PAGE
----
These essays are intended for people that have already seen the films being discussed. This entry will DEFINITELY spoil parts of the movie for you if you haven't seen it yet.
Alan Ladd's first film role is as Raven, the Gun of the title. He is hired to kill a scientist who has been stealing secrets from the company he works for. Once the deed is done and the secrets are retrieved, Raven is double-crossed by the company representative (Laird Cregar) who pays him in marked bills. In a convoluted plot, Ladd decides to track down Cregar for revenge, while running from Robert Preston, the LA cop who was on vacation in San Francisco visiting his girlfriend, Veronica Lake, who has also been tapped by the government to keep an eye on Cregar, because she is a combination cabaret singer/magician that has been hired in Cregar's club and ends up sitting next to Ladd on the train to LA.
Raven is easily the most ambivalent character so far in the series. Clearly a contract killer, he is also a victim. In the beginning minutes of the film, he feeds a stray cat that comes to his hotel window, but has no trouble beating the cleaning woman that tries to shoe the cat away. He has done more heinous things than any other character in the film, but Cregar and his boss, "The Old Man" (Tully Marshall), are painted as the true villains for their disloyalty to country.
Finally in the series we have a film from the point of view of a true criminal, and a film structured as a straightforward suspense thriller, with no flashbacks. But even so, this career criminal, this paid assassin, is given a freudian excuse for his deviant ways. You see, his mother was abusive and hit him with an iron when he was young, breaking his arm in such a way that he still carries the deformity, a physical reminder of the past he cannot escape in his mind. And since violence breeds violence, he had no choice but to become a killer.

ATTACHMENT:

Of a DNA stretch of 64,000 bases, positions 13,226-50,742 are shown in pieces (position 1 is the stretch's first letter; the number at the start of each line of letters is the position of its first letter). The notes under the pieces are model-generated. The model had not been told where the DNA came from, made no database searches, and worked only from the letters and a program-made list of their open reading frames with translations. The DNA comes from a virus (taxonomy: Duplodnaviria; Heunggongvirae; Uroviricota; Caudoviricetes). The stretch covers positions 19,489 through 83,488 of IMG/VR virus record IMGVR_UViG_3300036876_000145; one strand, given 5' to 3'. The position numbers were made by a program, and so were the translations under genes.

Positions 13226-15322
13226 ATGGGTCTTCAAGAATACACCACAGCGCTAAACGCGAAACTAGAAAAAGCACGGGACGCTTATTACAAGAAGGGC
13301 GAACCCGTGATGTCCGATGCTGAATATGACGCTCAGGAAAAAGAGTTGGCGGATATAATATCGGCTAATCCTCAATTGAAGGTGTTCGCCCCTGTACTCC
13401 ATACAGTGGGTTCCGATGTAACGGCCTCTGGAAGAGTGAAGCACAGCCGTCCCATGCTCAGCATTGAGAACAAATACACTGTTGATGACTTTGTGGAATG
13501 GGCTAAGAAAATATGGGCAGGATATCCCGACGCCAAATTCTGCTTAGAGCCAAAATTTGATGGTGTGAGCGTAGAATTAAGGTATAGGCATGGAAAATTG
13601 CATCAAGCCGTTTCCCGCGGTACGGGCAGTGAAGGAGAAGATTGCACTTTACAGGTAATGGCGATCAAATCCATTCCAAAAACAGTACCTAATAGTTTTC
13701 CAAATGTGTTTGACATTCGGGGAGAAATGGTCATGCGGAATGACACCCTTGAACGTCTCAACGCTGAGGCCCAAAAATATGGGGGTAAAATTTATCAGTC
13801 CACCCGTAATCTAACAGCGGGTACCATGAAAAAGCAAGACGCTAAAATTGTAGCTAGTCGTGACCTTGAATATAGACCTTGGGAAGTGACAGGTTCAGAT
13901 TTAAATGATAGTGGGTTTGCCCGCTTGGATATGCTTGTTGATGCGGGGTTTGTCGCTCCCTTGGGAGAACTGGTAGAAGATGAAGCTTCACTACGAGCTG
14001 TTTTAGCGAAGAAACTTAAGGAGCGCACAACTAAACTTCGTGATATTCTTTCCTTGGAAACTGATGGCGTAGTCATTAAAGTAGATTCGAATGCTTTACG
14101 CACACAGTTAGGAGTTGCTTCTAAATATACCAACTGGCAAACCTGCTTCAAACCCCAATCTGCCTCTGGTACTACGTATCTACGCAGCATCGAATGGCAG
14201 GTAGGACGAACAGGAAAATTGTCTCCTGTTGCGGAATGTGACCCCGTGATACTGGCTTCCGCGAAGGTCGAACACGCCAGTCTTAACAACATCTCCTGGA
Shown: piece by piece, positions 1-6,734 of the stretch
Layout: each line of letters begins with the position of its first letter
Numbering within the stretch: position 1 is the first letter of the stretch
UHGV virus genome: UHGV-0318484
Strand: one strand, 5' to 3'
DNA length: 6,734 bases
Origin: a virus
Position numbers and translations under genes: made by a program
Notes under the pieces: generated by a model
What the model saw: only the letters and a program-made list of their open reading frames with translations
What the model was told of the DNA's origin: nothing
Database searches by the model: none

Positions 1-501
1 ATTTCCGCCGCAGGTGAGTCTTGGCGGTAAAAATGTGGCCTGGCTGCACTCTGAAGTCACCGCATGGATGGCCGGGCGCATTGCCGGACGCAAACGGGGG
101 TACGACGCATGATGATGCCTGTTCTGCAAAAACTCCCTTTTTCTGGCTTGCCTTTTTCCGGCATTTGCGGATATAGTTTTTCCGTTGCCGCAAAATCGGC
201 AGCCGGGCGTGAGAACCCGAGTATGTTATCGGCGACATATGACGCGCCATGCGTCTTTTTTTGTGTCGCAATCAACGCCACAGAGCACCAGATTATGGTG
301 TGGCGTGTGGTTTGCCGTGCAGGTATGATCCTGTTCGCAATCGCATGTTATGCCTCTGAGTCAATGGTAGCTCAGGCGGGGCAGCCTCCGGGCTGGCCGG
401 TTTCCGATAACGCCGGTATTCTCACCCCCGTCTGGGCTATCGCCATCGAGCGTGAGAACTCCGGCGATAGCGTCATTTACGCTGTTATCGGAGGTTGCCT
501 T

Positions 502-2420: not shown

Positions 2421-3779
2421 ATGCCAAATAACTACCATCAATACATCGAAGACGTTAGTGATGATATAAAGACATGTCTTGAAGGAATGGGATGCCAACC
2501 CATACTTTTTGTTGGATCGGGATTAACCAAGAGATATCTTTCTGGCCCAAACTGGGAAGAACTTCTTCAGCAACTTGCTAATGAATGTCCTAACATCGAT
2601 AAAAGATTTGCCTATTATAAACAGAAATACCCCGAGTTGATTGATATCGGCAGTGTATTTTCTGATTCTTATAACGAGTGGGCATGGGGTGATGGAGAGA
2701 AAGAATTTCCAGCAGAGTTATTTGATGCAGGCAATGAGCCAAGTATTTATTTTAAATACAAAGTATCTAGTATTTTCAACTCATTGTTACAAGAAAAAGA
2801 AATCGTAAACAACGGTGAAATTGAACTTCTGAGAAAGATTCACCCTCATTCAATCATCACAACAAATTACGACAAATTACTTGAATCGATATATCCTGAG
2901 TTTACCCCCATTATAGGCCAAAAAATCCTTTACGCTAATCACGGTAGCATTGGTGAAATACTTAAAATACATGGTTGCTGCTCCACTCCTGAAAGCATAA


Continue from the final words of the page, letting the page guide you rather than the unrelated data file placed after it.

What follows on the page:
There has been a steady build-up of fatalism in the series, particularly in the last three films. Not coincidentally, these have all been from the point of view of the people who commit the crimes, in a time still under the Hayes Code that instructed all crimes be paid for by the end of the film, and it comes to its final fruition in this film. The contract killer is struck down by the straight-laced cop, but finds an amount of redemption before he goes, protecting the woman who trusted him.
There is some of the dramatic, expressionistic lighting you would expect to find. But, being straightforward, there is little oneiric or strange about the film. The remorseless killing is the heart of cruelty, as Veronica Lake is the heart of eroticism, and all this puts THIS GUN FOR HIRE at the heart of the film noir movement.
Next time: The Killers